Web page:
In his 16th century political treatise “The Prince”, the Italian diplomat and political theorist Nicolo Machiavelli says the use of auxiliaries by a prince, is useless. His argument was that these arms (the auxiliaries) may be useful and good in themselves, but for the one who calls them in, they are always disadvantageous; for in losing, one is undone, and in winning, one is their captive forever.

Looking at the not-too-distant history of Pakistan’s national security adventures, Machiavelli appears strikingly prophetic. These proxies were raised to defend our interests but have outlived their utility. In which case, they have become a liability and then bit the hand that fed them. Because the ‘hand’ didn’t want to be bitten, these proxies now have a larger than needed lease on life.

ASWJ, the now banned takfiri group, was given a go-ahead for its activities when the last PPP regime was to be discredited. The group is handy also, whenever approval ratings are required for some action by the establishment. These ratings were previously showcased in the form of massive rallies under the umbrella of the Pakistan Defence Council in the case of the embarrassment followed by Abbotabad fiasco, big demonstrations against a “renegade” TV channel, and big processions for ‘solidarity with the army’ during difficult situations. These proxies have also proven useful historically.

In a world marked by the ‘endgame’ discourse, Pakistan needs its proxies to not be seen by the international community as ‘crazy mullahs’ having ‘little appeal among urban middle classes’. Our dangerous proxies need a facelift, attracting educated classes with a globally recognized appeal of ‘change’.

But then, Pakistan is a diverse country. While the 60-70% rural peasant classes figure very little in the mainstream political discourse, the change is dependent on the educated upper middle classes in urban centers, and has to attract the suburban, quasi-educated lower middle class. When the older proxies, with violent religious credentials, outlive their utility, there comes a need for a benign clergy that attracts the salaried and the lower middle classed. A combo of both the above-mentioned new proxies would strike a decisive blow to the unwanted domestic forces perceived to be damaging the interests of the military establishment, who I consider to be the Prince.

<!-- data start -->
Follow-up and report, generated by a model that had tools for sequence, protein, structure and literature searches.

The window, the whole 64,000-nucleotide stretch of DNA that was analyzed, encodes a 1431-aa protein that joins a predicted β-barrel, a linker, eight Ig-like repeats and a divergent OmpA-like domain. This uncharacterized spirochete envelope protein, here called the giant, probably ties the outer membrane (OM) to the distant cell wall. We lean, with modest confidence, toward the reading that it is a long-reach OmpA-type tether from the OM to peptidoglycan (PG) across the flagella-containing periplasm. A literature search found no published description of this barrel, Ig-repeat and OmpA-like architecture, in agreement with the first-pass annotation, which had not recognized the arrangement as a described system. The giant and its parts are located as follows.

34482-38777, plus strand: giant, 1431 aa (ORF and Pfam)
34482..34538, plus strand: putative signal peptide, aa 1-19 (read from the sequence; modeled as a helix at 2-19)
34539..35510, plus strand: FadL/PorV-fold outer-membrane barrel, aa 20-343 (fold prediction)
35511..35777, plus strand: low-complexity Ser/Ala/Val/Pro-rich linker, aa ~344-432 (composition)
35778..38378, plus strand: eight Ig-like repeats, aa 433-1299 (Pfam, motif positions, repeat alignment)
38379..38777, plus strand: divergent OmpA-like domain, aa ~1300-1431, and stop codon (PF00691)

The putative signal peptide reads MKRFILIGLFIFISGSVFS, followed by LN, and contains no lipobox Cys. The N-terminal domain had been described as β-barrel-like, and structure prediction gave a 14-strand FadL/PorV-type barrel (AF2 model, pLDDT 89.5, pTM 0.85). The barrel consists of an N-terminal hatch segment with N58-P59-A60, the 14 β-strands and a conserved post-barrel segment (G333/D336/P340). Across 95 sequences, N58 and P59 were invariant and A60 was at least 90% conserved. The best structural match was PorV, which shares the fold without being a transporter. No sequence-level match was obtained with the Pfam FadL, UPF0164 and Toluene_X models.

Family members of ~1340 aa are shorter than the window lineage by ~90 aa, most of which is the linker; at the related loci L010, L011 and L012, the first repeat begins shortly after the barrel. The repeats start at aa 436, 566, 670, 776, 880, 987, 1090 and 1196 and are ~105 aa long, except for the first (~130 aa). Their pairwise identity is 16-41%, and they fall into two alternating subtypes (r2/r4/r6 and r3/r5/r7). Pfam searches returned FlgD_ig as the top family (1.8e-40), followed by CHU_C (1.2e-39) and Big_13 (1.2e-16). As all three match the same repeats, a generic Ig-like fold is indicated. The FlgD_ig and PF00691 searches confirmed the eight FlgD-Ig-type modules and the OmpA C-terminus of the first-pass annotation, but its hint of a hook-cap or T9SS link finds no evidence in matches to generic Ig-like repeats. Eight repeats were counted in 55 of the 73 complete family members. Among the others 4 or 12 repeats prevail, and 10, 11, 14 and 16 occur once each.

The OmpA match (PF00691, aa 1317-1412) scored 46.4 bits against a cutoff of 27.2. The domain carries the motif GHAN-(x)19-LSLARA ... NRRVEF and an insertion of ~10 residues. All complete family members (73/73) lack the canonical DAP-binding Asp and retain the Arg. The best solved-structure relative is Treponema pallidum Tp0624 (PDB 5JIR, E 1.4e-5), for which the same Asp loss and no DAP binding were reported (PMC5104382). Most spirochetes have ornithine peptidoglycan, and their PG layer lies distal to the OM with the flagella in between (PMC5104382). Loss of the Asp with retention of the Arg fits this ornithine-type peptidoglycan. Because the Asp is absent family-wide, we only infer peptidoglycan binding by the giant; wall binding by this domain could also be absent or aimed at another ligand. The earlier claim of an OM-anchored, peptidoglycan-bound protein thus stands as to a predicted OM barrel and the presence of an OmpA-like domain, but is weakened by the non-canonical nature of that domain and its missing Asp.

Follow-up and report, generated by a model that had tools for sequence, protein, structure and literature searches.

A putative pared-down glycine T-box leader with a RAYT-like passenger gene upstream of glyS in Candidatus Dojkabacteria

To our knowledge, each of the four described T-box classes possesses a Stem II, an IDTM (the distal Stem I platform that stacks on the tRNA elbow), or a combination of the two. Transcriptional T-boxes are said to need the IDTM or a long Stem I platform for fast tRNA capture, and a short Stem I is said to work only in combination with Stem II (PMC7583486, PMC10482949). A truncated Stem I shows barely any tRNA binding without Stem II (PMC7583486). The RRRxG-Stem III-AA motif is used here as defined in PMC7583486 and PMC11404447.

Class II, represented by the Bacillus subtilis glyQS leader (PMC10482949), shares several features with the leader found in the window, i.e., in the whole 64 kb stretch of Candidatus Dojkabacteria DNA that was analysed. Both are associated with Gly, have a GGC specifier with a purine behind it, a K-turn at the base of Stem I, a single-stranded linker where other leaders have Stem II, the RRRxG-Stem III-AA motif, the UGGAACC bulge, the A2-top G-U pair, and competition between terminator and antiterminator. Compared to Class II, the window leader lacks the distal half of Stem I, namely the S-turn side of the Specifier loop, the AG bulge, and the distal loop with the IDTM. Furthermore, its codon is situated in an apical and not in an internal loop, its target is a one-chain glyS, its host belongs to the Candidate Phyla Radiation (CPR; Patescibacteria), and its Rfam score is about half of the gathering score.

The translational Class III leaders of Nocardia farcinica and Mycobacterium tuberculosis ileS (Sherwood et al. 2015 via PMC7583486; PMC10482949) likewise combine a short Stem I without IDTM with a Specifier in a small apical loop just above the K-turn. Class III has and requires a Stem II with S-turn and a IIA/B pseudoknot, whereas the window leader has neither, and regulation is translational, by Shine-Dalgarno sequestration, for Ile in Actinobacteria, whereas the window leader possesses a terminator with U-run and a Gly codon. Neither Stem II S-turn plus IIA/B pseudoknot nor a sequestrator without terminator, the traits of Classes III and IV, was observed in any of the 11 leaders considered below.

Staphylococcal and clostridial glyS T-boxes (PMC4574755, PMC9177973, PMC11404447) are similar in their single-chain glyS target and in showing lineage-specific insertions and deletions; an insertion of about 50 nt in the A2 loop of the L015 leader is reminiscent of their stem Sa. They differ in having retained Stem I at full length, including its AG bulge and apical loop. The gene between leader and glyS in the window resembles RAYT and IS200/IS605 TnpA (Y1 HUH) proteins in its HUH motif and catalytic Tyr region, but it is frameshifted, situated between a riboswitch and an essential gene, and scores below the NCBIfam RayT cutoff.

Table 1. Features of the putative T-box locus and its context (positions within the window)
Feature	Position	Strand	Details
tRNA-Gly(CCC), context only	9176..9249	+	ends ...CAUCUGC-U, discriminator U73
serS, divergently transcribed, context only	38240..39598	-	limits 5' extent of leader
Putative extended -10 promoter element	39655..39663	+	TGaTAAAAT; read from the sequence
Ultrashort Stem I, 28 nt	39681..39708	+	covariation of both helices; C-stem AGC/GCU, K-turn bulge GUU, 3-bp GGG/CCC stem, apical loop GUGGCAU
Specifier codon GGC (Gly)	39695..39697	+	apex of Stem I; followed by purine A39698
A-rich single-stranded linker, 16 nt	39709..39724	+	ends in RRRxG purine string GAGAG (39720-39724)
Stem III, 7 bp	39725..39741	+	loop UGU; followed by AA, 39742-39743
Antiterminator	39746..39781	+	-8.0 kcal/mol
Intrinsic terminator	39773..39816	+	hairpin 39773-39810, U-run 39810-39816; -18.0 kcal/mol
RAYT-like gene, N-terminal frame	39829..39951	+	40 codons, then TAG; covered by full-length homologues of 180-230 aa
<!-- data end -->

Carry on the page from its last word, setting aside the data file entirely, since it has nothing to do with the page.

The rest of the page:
The previous proxies however will not take this lying down. They will fight the new auxiliary. If they are not allowed to do that, they will take on the Prince. The Prince therefore, has to be the buffer between the new and the old friends to avoid unnecessary bloodshed. Bloodshed has however been allowed in the Proxy Version 1.0,in order to keep auxiliaries busy and let them think they still have enough nuisance power. ASWJ and its allied groups continue to target Shia scholars, like recent Shia murders especially the high profile one in Karachi of Maulana Ali Akbar Komaili. In contract there is however, no attack or even threat of attack on the music and dance filled sit-ins in Islamabad (and thankfully so).

Here the point to ponder for the new proxies is the Machiavellian fact that every proxy, sooner or later, will outlive its utility. Once it is done with the job it was raised for, it has to be either eliminated or enter into a prolonged period of persecution, gradual withering away from national sight. Any serious power contender would think twice before accepting to be an ancillary. But ambition sees no bounds, succumbing to the trap is not too difficult. Imran Khan still insists on PM’s resignation, reforms come as secondary concern.

The loss is not only of the ancillary. The failure also awaits the Prince who, Machiavelli says, deprives himself of every chance of success by having recourse to auxiliaries. Unlike mercenary armies that are united under the control of a unified command, the proxies are far more dangerous. Whereas mercenaries are driven by material short-term benefits, proxies are driven by moral causes. Remember the Mujahedeen of Afghan Jihad era, who turned Taliban, and then turned against the Prince? In short, says Machiavelli, with mercenaries your greatest danger is from their inertness and cowardice, with auxiliaries from their valor. The high moral ground of Mr Khan is a tad scary. It may do well for the Prince to ponder on this.

Things have changed over a period of time throughout the globe. Wars once waged on the battlefield are now waged on the stock markets and in trade portfolios. The ruthless capitalist markets through international financial institutions engulf weaker economies. The philanthropic sentiments of powerful nations have become more or less a foreign policy tool ever since the Berlin Airlift of food for the besieged Germans (and after the 1988 hurricanes in Nicaragua however, no such sentiment of helping the helpless was invoked).

This selectiveness of today’s world has obliged many establishments throughout the world to be careful in their initiatives. The Saudi establishment can get its way, and doesn’t need to worry about this thing called democracy. However the oppressive establishment in Pakistan needs to refine itself and not be seen as a bull in china shop.

Gone are the days when the rogue civvies had to be hanged or eliminated through bloodless coups. The new murder weapon is defamation, vilification and denigration. Disregard and delegitimize the democracy so much that even those who are empowered through democracy must dismiss it disparagingly. Aproxyis meant to be lost in illusions of grandeur, that’s how they are prepared. The same grandeur and complacency will make them implode one day. That is the Prince will replace you with another shortsighted auxiliary.

The vicious cycle will go on till the end of time, unless the masses rise up to put the system right. This is not possible through the current “rent-a-revolution”.

n    The writer is an Islamabad based freelance columnist.